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The sin of putting on a show

The sin of putting on a show

The sin of putting on a show

24 April 2018

Performing for God sets our personal satisfaction before that of making Jesus and love for our neighbours the focus of our attention.

By Marie Willermark

Is a Salvation Army corps a place where we entertain an audience, or train ordinary people to make God’s Kingdom happen on earth?

On my way home from a Sunday meeting at my corps recently, the following thought developed as a result of the corps officer’s message: I wonder if more believers have left church due to boredom rather than radical beliefs.They were expected to be an applauding audience rather than active agents for transformation and holiness.

We have all seen it happen. It dawns on us that a particular person or some young people or a family are not attending the corps fellowship anymore. As far as my experience goes, it often happens that they drop out silently because they are not asked to contribute according to their gifts and therefore become bored. They are offered repetitious religious activities instead of being challenged and given an opportunity to serve with Jesus in their community.

When I was a corps officer I felt this weakness myself. There were far too many day-to-day things taking my attention. There were too many easier things to do and be content with, than getting a grip on the long-term issues like investing quality time in people (individuals as well as the leadership team).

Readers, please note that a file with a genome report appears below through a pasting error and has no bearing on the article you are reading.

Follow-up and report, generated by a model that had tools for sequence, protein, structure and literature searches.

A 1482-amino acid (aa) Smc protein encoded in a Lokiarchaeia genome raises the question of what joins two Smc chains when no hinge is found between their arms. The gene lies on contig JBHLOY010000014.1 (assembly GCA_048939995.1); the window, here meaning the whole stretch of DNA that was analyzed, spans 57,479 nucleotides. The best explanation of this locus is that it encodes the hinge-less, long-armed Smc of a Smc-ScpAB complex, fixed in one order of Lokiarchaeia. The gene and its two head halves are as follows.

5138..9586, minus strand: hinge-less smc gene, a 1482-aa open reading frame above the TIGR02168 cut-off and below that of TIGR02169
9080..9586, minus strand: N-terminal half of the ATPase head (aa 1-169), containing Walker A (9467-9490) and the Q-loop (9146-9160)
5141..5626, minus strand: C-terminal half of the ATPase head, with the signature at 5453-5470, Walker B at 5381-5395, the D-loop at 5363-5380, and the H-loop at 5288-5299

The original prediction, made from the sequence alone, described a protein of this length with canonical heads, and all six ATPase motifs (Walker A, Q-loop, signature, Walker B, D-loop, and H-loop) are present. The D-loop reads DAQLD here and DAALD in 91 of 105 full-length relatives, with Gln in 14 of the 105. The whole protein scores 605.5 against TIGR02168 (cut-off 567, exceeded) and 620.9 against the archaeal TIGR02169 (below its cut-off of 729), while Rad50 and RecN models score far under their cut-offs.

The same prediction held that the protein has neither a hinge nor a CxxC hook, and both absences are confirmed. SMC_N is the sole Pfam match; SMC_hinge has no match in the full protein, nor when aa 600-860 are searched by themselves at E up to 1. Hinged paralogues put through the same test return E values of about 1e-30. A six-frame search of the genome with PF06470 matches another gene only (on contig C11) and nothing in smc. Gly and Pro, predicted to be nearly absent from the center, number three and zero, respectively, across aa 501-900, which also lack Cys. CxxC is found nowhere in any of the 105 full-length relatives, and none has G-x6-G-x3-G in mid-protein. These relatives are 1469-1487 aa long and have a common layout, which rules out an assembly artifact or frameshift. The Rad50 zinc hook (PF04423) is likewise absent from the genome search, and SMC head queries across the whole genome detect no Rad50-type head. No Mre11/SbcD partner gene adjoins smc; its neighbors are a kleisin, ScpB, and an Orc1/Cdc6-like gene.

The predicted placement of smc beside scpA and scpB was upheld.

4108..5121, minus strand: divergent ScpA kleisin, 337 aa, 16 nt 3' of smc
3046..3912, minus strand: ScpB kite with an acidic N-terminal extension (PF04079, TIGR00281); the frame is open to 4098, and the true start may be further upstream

It has also been my experience that people have distanced themselves from the corps and felt awkward when the Holy Spirit is moving. Spiritual renewal can be difficult and is noticeable by its disturbance of the present. It challenges the status quo and it has happened that Salvationists have left their corps because they are afraid to set out on the journey of personal spiritual renewal.

It is indeed sad when anyone leaves the fellowship of God’s people, for whatever reason. Still, I see a difference in how to respond depending on the reason.

If it is a reaction to God renewing the lives and work of his people, the response is not to stop the work of the Spirit but help people deal with transformation. When we live in a fellowship where there is trust and love, most people will be willing to accept support along our journey of holiness.

I find it more difficult to handle satisfaction and complacency from local leadership. It is probably a temptation to us all. We know that we are doing well, have experience and that there is no one who can match our performance. We can even become dependent on the positive feedback and applause. That kind of attitude is not just the beginning of the end for a corps, but I would also call it a sin, because it sets our personal satisfaction before that of making Jesus and love for our neighbours the focus of our attention.

I believe God appreciates it when we serve him with excellence. In order to be a corps, a fellowship that functions as an agent for transforming ordinary people to become followers of Jesus, we need to give our all and do our best in all areas of life. However, we need to create a culture in which people can see that perfect love is more important than perfect performance.

Commissioner Marie Willermark is Territorial Commander, Germany, Lithuania and Poland Territory.



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